During a fight, lots of things are going on besides just you slicing into whatever enemy is closest to you. Treasure chests will appear in the arena and have things such as swords and guns inside. There are even some funny items such as a large fan and a baseball bat that you can use as a weapon. Also littering the arena are gems that affect your speed, power, and energy, and there are also souls from your fallen enemies that you have to absorb so you can upgrade your character. The environments you fight in have multiple levels, so while you are fighting on one level your enemies may be on another level absorbing souls or picking up powerups. Having to think about all of the treasure chests and other things as well as taking on enemies on multiple levels make the matches in Blade Warriors more interesting than they would have been otherwise, but it isn't enough to make the simple fighting engine any better. The characters are too similar and the game overall is too easy and too short. That is just too bad.
Graphically, Blade Warriors is a definite step down from previous Onimusha games. The characters look pretty good, but they are clearly not as detailed as they were in past games. The animation is smooth, but there just isn't enough of it. You'll be seeing the same punches and kicks a lot in this game. The environments are varied and look good overall, but nothing is quite as sharp looking as it probably should be.
The sound fares a little better, but not by much. The soundtrack is great and is very appropriate, and the sound effects for the fighting are excellent. Where the sound fails, though, is in the voice acting. Each character only has a handful of phrases and they repeat constantly throughout a match. The way the lines are delivered is so dry and just plain bad that it quickly becomes annoying.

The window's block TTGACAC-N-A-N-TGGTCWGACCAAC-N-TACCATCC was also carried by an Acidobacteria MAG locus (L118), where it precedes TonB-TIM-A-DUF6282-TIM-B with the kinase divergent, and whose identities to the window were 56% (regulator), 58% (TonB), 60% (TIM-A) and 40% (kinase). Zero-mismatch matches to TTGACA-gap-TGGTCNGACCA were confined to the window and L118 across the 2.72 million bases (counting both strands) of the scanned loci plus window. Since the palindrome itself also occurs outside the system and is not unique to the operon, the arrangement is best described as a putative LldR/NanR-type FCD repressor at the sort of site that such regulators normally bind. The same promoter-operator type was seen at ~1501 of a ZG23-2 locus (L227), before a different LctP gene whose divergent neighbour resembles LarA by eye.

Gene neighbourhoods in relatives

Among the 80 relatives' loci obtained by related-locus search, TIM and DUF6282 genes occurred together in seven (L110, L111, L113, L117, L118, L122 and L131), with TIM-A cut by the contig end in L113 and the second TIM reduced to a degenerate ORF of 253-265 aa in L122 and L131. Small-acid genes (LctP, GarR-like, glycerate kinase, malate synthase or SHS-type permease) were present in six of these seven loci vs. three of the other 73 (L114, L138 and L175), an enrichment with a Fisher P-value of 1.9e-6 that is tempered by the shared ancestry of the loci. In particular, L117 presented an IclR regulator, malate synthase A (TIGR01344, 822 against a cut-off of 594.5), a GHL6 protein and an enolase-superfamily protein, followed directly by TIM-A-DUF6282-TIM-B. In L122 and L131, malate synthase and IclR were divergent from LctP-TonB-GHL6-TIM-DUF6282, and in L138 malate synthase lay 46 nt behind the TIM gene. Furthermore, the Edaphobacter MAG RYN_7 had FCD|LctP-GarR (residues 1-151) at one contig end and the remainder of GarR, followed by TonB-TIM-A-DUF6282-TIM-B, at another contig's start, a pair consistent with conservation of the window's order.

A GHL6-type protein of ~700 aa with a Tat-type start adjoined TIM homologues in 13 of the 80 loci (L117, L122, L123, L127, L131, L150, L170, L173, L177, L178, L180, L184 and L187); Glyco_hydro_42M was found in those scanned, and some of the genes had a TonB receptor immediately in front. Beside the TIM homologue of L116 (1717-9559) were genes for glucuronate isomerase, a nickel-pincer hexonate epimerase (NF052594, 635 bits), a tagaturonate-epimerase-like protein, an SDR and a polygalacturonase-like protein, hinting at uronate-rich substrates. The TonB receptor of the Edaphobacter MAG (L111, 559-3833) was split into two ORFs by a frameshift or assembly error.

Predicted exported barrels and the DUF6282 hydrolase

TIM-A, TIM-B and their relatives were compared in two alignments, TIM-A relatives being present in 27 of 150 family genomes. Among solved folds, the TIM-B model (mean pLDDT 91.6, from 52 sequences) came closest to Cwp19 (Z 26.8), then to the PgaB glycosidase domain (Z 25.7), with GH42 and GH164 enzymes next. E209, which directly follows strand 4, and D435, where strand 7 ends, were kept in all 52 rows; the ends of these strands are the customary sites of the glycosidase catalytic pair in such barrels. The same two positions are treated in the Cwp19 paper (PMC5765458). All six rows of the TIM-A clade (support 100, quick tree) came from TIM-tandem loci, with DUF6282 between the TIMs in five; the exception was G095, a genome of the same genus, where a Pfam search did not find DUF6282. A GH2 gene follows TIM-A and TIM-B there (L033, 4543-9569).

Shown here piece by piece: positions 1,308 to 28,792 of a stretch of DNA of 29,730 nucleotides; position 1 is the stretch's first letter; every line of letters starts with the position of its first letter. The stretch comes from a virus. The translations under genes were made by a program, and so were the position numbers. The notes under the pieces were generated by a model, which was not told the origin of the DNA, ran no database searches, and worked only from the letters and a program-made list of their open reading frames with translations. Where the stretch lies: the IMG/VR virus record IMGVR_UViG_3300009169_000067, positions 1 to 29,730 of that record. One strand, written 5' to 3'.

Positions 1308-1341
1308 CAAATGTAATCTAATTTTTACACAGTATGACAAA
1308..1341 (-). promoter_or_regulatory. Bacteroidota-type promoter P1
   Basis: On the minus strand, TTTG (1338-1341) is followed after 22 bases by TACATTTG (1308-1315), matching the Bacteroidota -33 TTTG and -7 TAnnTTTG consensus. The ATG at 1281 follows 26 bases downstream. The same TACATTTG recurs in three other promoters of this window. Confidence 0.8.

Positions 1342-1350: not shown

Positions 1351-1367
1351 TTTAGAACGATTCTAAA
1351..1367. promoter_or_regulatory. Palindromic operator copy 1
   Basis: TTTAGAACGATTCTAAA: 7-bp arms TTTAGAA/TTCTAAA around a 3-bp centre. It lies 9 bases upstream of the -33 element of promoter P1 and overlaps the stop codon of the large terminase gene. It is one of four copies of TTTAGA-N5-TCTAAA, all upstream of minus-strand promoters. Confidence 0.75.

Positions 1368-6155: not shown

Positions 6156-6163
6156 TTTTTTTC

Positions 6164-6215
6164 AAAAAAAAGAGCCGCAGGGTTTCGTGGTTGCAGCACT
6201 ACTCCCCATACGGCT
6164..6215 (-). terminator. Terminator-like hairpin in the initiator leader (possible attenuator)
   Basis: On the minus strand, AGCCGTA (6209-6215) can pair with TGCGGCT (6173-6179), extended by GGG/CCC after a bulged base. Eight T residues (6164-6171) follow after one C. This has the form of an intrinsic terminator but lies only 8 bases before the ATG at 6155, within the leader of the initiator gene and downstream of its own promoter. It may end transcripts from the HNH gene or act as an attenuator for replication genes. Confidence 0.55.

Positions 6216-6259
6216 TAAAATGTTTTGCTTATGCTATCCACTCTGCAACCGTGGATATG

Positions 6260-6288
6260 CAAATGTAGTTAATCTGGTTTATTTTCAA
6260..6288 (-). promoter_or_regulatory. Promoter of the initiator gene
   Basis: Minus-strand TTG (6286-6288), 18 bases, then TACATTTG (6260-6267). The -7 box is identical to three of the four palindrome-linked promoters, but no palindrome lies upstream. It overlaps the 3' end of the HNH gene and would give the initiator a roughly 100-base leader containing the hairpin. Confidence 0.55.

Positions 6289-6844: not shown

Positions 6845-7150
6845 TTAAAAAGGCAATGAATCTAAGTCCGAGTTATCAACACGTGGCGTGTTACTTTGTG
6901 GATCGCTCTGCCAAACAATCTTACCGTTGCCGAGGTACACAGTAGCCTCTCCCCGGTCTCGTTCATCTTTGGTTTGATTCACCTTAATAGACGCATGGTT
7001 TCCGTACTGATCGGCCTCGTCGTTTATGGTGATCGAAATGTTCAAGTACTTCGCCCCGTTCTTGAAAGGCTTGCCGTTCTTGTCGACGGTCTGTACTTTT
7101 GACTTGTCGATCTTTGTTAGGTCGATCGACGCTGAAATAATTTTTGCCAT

Overall, Onimusha Blade Warriors is a game with a lot of potential, but it ultimately falls short due to its cast. The game plays exactly like Super Smash Bros, but the Onimusha characters lack the charm and universal appeal that Mario, Luigi, Link, and all the rest have in Smash Bros. The reason why Smash Bros works is because the characters are all so great and bring back so many memories for us that we overlook the fact that the gameplay isn't exactly the deepest the fighting genre has ever seen. You can't just insert another group of characters and expect that same kind of magic. Had the fighting been more satisfying, the cast wouldn't have been a problem, but when you try to insert them into a wacky beat-em-up it just doesn't work. In the end, Blade Warriors is too easy, too simple, and too short to be worth a purchase. If you are a huge Onimusha fan, you'll find something to like, but everyone else should rent it first because you'll get more than your fill in just a day or two.